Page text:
Response to Tragedy

Candles

Another day, another senseless tragedy.  We are all trying to make sense of the news.  As Christians, though, what should we be doing?  I have some thoughts about that:

PRAY

“And pray in the Spirit on all occasions with all kinds of prayers and requests. With this in mind, be alert and always keep on praying for all the Lord’s people.” – Ephesians 6:18 

As Christians everything begins with prayer (it is also what we during and after).  Prayer, though, is often ridiculed after a tragedy by those who believe that it is passive and doesn’t accomplish anything.  How wrong they are!  Prayer is an action that changes things and people.  Prayer invokes the power of the most high to heal, inspire, strengthen and to bring peace and comfort.  It changes those who pray, as such intimate contact with God transforms our hearts and pushes us to be more like the people God wants us to be.

But what we if don’t know what to pray for?  In times like this our minds and spirits can freeze and we’re left with no words.  That’s OK – God understands this.  The Apostle Paul even addressed this in his letter to the churches in Rome:

“In the same way, the Spirit helps us in our weakness. We do not know what we ought to pray for, but the Spirit himself intercedes for us through wordless groans.” – Romans 8:26

 

Be Patient

“But the fruit of the Spirit is love, joy, peace, patience, kindness,goodness, faithfulness, gentleness, and self-control.” – Galatians 5:22-23a

The transmission of news nowadays is almost instantaneous.  However, the investigation happens slowly.  Herein is where patience is required.  We want to know everything and we want to know it NOW!!  And instead of patiently waiting, we fume, we guess, and sometimes, we even make things up.  We speak and act rashly.  The news media makes all of this worse by feeling the need to fill up every second of every minute of every hour with something, ANYTHING.  I remember on 9/11 all of the stories about other planes, other attacks and most all of them amounted to rumor and fear.

We need to slow down.  We need to step away from the news. Hug your kids.  Call your parents and tell them you love them.  Walk your dog.  Read your Bible.  Visit a friend. I get it – we want to solve things.  We want hatred and violence to end.  But we need to know that we can’t fix anything unless we know what, exactly, the problem is.  And it takes time to piece together all the facts after a murderous incident.  So, in the meantime, be patient.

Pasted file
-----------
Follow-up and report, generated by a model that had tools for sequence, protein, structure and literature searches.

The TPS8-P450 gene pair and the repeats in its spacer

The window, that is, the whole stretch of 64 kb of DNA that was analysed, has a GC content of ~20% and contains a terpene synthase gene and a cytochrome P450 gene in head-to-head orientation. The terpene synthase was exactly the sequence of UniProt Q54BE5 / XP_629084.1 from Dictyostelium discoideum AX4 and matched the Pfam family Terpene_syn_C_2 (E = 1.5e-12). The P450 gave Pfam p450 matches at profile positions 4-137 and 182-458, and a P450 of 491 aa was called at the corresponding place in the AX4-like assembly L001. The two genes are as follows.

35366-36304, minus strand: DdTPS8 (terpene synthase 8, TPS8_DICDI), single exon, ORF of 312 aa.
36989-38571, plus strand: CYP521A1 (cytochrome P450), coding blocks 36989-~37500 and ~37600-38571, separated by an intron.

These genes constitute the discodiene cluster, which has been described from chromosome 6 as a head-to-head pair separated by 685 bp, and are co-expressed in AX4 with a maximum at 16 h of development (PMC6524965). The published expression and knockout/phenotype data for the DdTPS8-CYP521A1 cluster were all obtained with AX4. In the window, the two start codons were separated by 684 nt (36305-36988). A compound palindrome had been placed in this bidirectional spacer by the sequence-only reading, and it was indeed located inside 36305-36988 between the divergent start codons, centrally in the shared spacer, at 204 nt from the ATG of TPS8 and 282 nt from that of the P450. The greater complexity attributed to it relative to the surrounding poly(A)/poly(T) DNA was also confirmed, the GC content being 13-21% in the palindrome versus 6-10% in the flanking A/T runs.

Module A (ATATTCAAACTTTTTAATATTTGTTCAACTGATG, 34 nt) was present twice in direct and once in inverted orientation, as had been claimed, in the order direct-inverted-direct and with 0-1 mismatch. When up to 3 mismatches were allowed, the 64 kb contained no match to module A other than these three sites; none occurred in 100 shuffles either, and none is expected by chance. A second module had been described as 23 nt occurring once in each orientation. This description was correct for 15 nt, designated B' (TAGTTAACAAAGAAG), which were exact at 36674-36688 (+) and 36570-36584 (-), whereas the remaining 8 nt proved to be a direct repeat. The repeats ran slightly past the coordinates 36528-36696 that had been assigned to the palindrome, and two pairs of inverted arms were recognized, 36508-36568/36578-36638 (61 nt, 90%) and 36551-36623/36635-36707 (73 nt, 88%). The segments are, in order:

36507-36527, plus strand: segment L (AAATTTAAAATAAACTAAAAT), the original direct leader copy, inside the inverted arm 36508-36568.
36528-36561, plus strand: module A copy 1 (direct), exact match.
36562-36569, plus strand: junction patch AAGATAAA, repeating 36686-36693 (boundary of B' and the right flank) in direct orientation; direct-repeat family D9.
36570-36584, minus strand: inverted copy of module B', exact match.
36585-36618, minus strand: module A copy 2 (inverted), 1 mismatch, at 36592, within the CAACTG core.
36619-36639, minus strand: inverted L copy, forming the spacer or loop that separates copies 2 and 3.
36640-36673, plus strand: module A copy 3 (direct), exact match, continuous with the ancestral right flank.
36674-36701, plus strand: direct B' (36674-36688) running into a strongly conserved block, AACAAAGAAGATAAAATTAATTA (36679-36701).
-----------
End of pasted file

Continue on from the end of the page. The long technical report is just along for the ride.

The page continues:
This also goes for using tragedies for political gain.  Sometimes I think that this is worse than the tragedy itself.  With the instantaneous nature of social media, we see such thing mere moments after a tragedy (sometimes even when the event is still happening!).  I find this ghoulish.  Already today I’ve seen the normal anti-gun advocates leaping up on the dead bodies (figuratively) to push for more gun control.  I’ve even seen someone blame it on racism and White Supremacy!  I’m reminded here of that old saying of “If you only have a hammer, everything looks like a nail.”  We are not to profit from tragedy.  And we should at least wait until all the dead are buried before we start posturing.

As an aside, there should be some kind of rule wherein any proposed legislation after a tragedy would actually have prevented the attack.  After Newtown, there wasn’t a single proposed or implemented legislation that would have prevented what happened.  We have to suppress the urge to do SOMETHING and work toward actually fixing the problem.

Love, Don’t Hate

“Do not repay anyone evil for evil. Be careful to do what is right in the eyes of everyone. If it is possible, as far as it depends on you, live at peace with everyone.  Do not take revenge, my dear friends, but leave room for God’s wrath, for it is written: “It is mine to avenge; I will repay,” says the Lord. On the contrary: “If your enemy is hungry, feed him; if he is thirsty, give him something to drink. In doing this, you will heap burning coals on his head.  Do not be overcome by evil, but overcome evil with good.” – Romans 12:17-21

There is going to be a lot of (misplaced) anger and hatred today and in the coming days and weeks.  People are frustrated and hurt and want and things like what happened to end.  So they lash out.  They strike at perceived enemies, people who they don’t agree with.  We humans, for some reason, need someone to blame.  And if we can’t (or won’t) blame the correct person or people (the one(s) pulling the trigger, or handling the knife or driving the car), we’ll blame someone or something.  And it isn’t pretty.  Just this morning I saw a teacher (not local) tweet that she hopes that only Trump voters were killed!  As angry as we might get, we are called to a higher response.  Christ taught us to be peacemakers and to forgive.  The Apostle Paul summed it up eloquently when he wrote “Don’t be overcome by evil, but overcome evil with good.”  Don’t respond in kind when someone says something ugly.  And don’t post anything that makes the situation worse.  Ask yourself, “Am I making things better or worse?  Am I shining the love of Christ into the darkness or am I part of the darkness?”

Love always wins. God’s love triumphs.  Be patient.  Be kind.  Pray constantly and don’t be overcome by evil.

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